Pandemic Leaves Teachers to Bear Brunt of Cotton Harvest in Turkmenabat

“For obvious reasons” doctors in Turkmenabat in eastern Turkmenistan are exempt from picking cotton this year or paying others to do so in their place. Teachers will bear the additional cotton harvest burden in the 2020 season. This was announced at a staff meeting in one of the city’s schools at the end of August. The “obvious reasons” must be that doctors are busy with the pandemic.

A cotton field overgrown with reeds. Lebap province, September 2020

At 11.00 in the evening on August 28, a meeting was held in the city executive administration under the chairmanship of the deputy mayor for education, culture, health, and sport, Gulnara Jumaeva. The next day the city’s schools held meetings to pass on to all teachers and support staff the news from the meeting. 

“Remember that at this time of year we used to send five to 10 employees to pick cotton, or 15 at the very most, but now we have to send 45 people a day,” the school deputy principals told the teachers. “From today, workers in education must meet the local authorities’ cotton requirements. Our principal heard umpteen complaints at the meeting: you’re not sending many people and you don’t pick much cotton. Many school principals had to explain themselves in writing.”

The deputy principal announced that on Sunday August 30 the entire school staff, both teachers and support workers, would go to pick cotton. They were to meet at the school at 6 in the morning. Members of staff could pay someone else to go in their place, but they each had to escort their replacement to the bus. 

Teachers will have to pick cotton on weekdays as well as Sundays. The school management has divided staff into three groups of 30 to 35 people each. For example, on Monday August 31, 31 people will go to harvest cotton. The list of teachers going to the fields on Tuesday will be announced the day before. So, every teacher will go cotton picking three times during the week and the entire staff will go on Sundays, the deputy principal said. Support staff – cleaners and security guards – have been going cotton-picking in groups of five or six since the second half of August. More of them will go in September.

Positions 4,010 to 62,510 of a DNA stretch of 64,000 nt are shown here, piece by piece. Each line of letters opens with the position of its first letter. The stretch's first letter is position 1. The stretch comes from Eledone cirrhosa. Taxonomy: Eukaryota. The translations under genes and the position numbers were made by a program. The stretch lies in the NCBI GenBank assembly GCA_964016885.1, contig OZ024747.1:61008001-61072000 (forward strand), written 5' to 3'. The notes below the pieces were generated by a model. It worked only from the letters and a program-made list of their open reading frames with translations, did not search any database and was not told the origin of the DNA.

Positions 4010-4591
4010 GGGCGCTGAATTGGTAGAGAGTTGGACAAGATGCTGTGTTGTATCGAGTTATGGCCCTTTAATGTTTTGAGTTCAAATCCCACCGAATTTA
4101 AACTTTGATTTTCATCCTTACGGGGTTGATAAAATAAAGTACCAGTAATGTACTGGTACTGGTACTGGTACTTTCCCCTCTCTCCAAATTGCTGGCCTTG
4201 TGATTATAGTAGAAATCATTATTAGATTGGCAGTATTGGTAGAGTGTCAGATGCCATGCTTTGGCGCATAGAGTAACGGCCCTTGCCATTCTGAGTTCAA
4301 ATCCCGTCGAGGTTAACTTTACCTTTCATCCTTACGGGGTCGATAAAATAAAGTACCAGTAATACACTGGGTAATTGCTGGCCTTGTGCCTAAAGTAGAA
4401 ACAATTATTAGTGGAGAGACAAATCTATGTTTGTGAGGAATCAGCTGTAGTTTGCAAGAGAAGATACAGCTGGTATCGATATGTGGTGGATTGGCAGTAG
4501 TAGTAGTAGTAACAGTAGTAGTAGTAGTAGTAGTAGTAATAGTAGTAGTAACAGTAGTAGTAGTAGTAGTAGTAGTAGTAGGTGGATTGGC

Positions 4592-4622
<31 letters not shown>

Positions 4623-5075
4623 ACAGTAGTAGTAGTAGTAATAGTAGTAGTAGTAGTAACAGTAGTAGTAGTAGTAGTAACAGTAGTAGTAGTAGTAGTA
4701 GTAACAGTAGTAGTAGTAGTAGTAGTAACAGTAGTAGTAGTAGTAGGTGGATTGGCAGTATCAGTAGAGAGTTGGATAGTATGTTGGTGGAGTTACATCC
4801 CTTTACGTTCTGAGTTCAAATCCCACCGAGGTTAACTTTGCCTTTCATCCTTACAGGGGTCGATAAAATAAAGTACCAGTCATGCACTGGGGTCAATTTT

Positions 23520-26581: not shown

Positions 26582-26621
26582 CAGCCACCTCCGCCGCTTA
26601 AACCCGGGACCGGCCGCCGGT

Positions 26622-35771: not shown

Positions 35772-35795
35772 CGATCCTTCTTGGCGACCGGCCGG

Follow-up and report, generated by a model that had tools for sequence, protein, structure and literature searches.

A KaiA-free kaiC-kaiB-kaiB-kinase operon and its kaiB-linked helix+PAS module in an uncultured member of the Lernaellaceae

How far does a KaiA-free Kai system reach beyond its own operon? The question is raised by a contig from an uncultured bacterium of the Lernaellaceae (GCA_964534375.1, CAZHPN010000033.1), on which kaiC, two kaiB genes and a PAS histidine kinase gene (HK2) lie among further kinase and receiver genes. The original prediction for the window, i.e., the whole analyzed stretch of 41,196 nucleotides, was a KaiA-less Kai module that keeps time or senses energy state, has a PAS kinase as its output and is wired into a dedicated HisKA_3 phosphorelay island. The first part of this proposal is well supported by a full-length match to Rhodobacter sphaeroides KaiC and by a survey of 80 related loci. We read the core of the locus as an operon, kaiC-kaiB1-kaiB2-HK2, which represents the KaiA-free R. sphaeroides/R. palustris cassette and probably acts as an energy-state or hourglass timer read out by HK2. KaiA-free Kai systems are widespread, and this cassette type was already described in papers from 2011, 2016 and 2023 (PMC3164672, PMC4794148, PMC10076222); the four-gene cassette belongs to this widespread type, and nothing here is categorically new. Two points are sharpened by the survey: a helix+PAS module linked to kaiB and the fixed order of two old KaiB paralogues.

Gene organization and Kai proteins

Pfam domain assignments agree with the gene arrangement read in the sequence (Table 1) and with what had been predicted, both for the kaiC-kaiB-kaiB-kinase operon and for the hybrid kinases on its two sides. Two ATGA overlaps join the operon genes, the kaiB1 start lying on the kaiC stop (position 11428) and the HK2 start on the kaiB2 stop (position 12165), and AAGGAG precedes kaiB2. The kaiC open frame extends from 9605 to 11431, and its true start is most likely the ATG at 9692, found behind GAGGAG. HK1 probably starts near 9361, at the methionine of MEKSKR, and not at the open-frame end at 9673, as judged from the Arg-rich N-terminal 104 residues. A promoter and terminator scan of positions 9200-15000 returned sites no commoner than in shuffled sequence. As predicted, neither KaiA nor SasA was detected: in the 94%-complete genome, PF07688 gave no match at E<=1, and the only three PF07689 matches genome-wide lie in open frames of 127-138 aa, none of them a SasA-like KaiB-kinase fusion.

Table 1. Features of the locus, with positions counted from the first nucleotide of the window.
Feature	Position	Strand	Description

The source said that staff could buy themselves out of cotton-picking by paying 20 manats (87 U.S. cents) to the school management. Many teachers agree to this, as it’s not realistic for each of them to find someone else for that money. This season hired workers won’t go picking for less than 30 manats a trip ($1.30), which means that every teacher would have to pay 240 manats a month ($10.50).

“Quite a few people are refusing to give money,” the source said. “They say: we didn’t sow that cotton. They can do what they want with it. The principal and his deputies threaten to cut their teaching hours in response, and this will affect their pay packet.”

A teacher working full time earns less than 2,000 manats a month ($87).

  • Every fall in Turkmenistan tens of thousands of public sector employees are threatened with dismissal if they don’t harvest cotton.
  • Sending people to the cotton fields and requiring payment to hire pickers is forced labor and a form of human trafficking. It’s a violation of the country’s labor and criminal codes, and also of several International Labor Organization conventions, signed by Turkmenistan.
  • Because of the use of forced labor, 90 global brands have signed a pledge not to use cotton from Turkmenistan in their products.
  • In 2018, the U.S. government banned Turkmen cotton and textiles from its ports. 
  • Over the past five years Turkmenistan has remained in the lowest tier in the U.S. State Department’s annual Trafficking in Persons report.
  • The authorities of Turkmenistan do not acknowledge the problem.